Audiophilia perceptions and where do we go from here?
These days, the term ‘audiophile’ is a loaded word. In its most basic terms, as defined by the Cambridge Dictionary, an audiophile is “a person who is very interested in and enthusiastic about equipment for playing recorded sound, and its quality.”
This dictionary definition captures the critical concept. An audiophile differs from one who simply appreciates music. Audiophiles are defined by the gear rather than by the music itself.
The pursuit of ultimate sound reproduction is the domain of the audiophile. Toe-tapping music listeners who are happy listening to a tiny Bluetooth speaker need not apply for their audiophile card.
What Defines an Audiophile?
- Appreciates music
- Is interested in music playback equipment and audio formats
- Strives to improve the quality of music reproduction in the pursuit of ‘perfection’
Audiophiles are formed on a foundation of music appreciation. If music isn’t important to you, it’s unlikely you will strive to hear it in the best form possible. This noble pursuit requires effort, commitment, and investment.
Audiophiles do more than just listen. Becoming an audiophile requires training your ears and mind to recognize subtleties and nuance within the music. Reading and researching. Analyzing and auditioning music playback gear.
It will cost you more than just time, as the price of high-end equipment can cut into the most generous budgets.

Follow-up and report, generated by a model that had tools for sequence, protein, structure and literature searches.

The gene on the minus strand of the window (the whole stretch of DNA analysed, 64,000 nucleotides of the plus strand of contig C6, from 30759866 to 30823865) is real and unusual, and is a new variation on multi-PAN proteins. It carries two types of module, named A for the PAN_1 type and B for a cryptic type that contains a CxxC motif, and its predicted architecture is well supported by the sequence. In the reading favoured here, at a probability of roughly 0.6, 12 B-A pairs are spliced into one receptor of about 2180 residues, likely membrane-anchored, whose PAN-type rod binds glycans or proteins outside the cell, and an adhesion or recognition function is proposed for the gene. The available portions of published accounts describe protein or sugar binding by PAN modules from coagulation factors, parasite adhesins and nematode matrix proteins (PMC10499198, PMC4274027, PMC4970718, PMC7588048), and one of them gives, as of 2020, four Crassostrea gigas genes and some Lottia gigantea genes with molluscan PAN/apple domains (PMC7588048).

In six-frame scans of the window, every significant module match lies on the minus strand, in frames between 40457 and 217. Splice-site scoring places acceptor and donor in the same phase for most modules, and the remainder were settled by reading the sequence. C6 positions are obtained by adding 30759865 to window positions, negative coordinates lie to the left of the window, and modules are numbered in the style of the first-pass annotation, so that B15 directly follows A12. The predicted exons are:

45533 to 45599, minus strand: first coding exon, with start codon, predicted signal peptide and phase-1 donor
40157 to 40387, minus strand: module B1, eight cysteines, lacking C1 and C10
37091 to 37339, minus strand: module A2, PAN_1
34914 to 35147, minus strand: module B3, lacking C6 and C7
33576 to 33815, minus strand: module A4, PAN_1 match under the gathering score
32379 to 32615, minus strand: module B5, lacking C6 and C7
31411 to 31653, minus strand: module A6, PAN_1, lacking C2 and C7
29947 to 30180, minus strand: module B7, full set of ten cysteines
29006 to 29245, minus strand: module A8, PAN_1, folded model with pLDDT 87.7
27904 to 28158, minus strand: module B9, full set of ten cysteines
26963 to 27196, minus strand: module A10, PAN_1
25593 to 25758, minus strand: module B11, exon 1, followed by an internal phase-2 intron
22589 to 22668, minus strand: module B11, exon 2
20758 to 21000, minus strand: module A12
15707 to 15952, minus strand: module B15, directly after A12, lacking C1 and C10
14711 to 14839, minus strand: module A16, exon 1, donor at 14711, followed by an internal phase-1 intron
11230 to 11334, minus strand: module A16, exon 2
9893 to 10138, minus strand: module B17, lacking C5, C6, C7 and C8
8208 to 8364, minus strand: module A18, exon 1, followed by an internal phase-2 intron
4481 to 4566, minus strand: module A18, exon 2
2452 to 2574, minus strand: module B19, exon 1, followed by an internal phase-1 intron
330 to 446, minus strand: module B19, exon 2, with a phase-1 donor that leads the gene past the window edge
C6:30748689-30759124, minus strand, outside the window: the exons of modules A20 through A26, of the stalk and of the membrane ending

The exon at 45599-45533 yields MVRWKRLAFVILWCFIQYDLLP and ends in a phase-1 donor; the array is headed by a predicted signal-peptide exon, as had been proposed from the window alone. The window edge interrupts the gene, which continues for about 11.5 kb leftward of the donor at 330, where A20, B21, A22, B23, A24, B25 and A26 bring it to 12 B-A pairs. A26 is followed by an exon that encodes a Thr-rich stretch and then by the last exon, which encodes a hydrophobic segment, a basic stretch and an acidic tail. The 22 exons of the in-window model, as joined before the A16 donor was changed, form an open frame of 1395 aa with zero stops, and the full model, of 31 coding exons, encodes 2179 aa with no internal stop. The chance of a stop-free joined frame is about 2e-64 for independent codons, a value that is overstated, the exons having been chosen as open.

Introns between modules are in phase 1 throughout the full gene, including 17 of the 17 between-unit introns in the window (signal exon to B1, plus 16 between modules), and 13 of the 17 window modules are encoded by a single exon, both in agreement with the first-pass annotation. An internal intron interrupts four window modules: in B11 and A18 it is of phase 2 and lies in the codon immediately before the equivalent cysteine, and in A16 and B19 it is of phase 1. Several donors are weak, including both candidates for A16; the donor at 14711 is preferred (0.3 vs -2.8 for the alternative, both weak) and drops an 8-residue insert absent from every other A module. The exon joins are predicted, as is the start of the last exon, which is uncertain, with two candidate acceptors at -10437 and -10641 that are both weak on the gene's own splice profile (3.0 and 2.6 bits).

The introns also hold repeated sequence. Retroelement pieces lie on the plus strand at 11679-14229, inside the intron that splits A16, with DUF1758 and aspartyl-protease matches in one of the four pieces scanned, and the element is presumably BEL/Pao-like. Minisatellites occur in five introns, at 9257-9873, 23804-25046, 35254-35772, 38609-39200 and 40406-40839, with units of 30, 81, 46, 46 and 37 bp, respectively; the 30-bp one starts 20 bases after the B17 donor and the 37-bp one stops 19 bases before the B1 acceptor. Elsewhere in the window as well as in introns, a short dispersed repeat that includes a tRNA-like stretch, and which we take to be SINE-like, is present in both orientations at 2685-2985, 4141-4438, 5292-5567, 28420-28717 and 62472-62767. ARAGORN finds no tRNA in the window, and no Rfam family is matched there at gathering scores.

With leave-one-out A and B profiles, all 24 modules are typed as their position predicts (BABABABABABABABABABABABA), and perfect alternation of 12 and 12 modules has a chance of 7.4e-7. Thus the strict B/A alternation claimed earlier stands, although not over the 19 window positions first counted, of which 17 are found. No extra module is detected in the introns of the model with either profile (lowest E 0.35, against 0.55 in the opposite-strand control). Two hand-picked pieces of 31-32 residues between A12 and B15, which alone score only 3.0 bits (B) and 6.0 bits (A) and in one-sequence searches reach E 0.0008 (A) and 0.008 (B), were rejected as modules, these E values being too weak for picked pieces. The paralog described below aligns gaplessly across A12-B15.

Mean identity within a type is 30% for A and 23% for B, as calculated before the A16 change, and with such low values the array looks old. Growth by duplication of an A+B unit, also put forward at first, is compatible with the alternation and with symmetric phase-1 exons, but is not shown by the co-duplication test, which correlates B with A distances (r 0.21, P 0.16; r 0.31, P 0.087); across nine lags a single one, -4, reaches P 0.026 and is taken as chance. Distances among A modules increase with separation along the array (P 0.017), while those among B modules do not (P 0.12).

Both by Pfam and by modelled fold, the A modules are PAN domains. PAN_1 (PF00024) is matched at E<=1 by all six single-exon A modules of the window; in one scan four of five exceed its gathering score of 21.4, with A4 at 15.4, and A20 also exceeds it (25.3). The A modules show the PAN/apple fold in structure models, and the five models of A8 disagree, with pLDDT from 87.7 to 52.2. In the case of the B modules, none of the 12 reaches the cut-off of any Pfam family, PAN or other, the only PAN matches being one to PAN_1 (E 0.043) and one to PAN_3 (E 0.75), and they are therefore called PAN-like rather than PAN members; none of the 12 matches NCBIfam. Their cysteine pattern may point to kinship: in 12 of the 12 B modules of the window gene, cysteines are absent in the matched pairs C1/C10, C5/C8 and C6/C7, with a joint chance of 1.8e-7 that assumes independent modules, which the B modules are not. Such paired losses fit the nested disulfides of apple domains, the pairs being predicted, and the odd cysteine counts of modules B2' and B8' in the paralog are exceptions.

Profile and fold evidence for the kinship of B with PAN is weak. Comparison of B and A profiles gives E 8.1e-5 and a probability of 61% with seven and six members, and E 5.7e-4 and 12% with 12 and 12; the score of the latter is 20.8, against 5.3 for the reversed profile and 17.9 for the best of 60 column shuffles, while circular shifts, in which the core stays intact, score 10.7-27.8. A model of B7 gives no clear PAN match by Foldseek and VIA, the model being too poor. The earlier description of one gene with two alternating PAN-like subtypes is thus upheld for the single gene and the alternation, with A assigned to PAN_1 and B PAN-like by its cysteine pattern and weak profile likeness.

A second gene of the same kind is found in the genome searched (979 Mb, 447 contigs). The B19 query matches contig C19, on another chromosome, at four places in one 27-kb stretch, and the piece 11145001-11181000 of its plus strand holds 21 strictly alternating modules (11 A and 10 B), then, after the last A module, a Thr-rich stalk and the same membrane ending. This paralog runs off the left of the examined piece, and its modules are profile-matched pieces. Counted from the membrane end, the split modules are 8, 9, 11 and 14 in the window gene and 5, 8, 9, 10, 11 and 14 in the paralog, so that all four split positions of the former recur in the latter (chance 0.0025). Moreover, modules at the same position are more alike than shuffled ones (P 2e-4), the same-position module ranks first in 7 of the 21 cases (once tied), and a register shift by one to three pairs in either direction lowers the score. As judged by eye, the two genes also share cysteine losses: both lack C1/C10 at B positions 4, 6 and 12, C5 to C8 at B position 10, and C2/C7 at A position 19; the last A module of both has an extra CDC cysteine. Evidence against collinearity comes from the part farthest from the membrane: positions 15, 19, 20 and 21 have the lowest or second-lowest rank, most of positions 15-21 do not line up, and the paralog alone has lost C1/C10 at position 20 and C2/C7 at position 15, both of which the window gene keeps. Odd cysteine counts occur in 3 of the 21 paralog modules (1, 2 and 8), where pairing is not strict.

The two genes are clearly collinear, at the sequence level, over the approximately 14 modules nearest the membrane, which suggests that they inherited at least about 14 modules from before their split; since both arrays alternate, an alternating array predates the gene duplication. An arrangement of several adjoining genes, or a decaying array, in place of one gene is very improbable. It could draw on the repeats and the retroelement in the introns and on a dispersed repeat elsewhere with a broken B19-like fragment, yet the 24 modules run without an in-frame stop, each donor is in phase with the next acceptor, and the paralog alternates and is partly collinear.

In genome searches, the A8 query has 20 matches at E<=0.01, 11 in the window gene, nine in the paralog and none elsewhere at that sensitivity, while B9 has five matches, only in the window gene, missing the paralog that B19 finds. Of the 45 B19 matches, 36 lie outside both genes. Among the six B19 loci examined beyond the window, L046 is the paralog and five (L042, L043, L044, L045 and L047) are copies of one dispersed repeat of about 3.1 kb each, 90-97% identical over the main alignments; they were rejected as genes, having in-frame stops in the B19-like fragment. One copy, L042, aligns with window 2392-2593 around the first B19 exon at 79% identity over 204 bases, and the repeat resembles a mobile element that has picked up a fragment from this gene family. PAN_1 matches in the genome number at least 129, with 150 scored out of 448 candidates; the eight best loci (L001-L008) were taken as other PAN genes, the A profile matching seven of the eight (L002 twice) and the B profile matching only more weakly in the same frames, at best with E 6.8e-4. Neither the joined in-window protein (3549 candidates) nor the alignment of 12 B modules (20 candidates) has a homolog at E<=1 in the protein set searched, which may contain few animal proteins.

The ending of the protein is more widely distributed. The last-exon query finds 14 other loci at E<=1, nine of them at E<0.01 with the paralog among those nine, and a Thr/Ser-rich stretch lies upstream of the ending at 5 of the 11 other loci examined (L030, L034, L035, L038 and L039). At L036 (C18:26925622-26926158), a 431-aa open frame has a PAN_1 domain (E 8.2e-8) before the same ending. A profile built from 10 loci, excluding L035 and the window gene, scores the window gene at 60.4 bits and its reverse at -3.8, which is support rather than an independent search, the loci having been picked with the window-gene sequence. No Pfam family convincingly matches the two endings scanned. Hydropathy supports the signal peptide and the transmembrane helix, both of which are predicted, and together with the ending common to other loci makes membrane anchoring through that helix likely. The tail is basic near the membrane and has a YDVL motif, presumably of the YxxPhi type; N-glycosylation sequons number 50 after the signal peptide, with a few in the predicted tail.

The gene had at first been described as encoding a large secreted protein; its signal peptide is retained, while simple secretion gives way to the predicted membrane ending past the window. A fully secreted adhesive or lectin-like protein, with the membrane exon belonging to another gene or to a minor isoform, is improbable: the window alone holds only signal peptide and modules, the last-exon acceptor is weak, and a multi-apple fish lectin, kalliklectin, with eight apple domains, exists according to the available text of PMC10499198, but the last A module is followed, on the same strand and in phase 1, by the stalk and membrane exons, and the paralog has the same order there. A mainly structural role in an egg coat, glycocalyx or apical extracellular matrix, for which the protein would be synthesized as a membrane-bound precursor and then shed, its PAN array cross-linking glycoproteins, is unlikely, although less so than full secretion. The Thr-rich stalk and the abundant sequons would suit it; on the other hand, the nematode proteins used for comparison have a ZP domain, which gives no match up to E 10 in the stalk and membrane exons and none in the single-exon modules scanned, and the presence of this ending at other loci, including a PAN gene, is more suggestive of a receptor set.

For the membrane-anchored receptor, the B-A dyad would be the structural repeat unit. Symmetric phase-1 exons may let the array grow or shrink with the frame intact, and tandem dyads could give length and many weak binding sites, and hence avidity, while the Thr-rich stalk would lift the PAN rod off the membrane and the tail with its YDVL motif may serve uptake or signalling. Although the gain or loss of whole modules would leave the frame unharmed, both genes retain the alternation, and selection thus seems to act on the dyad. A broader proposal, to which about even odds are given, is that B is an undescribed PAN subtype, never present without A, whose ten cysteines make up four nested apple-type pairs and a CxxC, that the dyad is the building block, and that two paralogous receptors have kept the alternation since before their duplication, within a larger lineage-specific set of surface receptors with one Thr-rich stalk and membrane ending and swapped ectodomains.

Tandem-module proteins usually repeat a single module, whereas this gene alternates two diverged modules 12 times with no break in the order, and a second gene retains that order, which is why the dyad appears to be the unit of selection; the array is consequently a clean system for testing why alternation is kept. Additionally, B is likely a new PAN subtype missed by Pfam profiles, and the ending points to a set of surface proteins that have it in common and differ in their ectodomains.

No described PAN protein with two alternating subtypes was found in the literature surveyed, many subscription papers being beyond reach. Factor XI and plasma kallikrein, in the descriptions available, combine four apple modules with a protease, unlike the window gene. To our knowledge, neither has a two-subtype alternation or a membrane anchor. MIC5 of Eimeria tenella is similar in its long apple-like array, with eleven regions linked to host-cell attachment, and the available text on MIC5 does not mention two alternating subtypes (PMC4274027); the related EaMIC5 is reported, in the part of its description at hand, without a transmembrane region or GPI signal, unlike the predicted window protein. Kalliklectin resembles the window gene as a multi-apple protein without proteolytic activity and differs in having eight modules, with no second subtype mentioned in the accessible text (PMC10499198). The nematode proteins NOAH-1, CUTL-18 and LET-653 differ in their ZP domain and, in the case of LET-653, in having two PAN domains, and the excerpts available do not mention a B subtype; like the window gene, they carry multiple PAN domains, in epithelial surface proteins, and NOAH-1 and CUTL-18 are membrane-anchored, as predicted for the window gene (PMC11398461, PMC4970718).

Obsession With Audio Reproduction
I’ve seen extreme anti-audiophiles draw parallels between audiophiles and pedophiles, which they assert is a similar negative extreme obsession, albeit with electronics rather than people.
Is gear fetish a real thing?
“I prefer to consider myself a “dedicated music lover and enthusiast, and audio aficionado.” I have a deep appreciation of all the technology as well, with an interest since I was a child. That said, the audio experience is what moves me, and what I focus on the most.
I feel that the term “audiophile,” despite literally meaning “audio lover or enthusiast,” is often associated with critique, elitism, and condescending attitudes. Unfortunately, many other “-philes” have become strongly associated with negativity – something unhealthy or pathological. – Eric Hieger – Headphonesty Writer
Indeed, in the Headphone Audio Facebook group I administer, many members go far beyond merely purchasing audio gear to listen to music. Many have hugely expensive collections of headphones, DACs, amps, DAPs, cables, and the like.
In fact, most group posts are intended to show off and appreciate music playback gear – often, the more expensive or rare, the better – rather than discussing the music they listen to. Sometimes this overt display of wealth brings out negativity or jealousy, but more often, the members are simply excited to see something they have never experienced themselves.
For an audiophile, is this audio gear a means to an end or an end in itself? Do audiophiles put the gear or the music first?
If the listener only appreciates the gear as the best way to hear the music they love, can they be considered an audiophile?
“In the grander scheme and amongst the general population of non-audio types, I’d suspect I could be called that by other folks, but I only think that way of myself in the Latin translation sense – I love to hear or listen.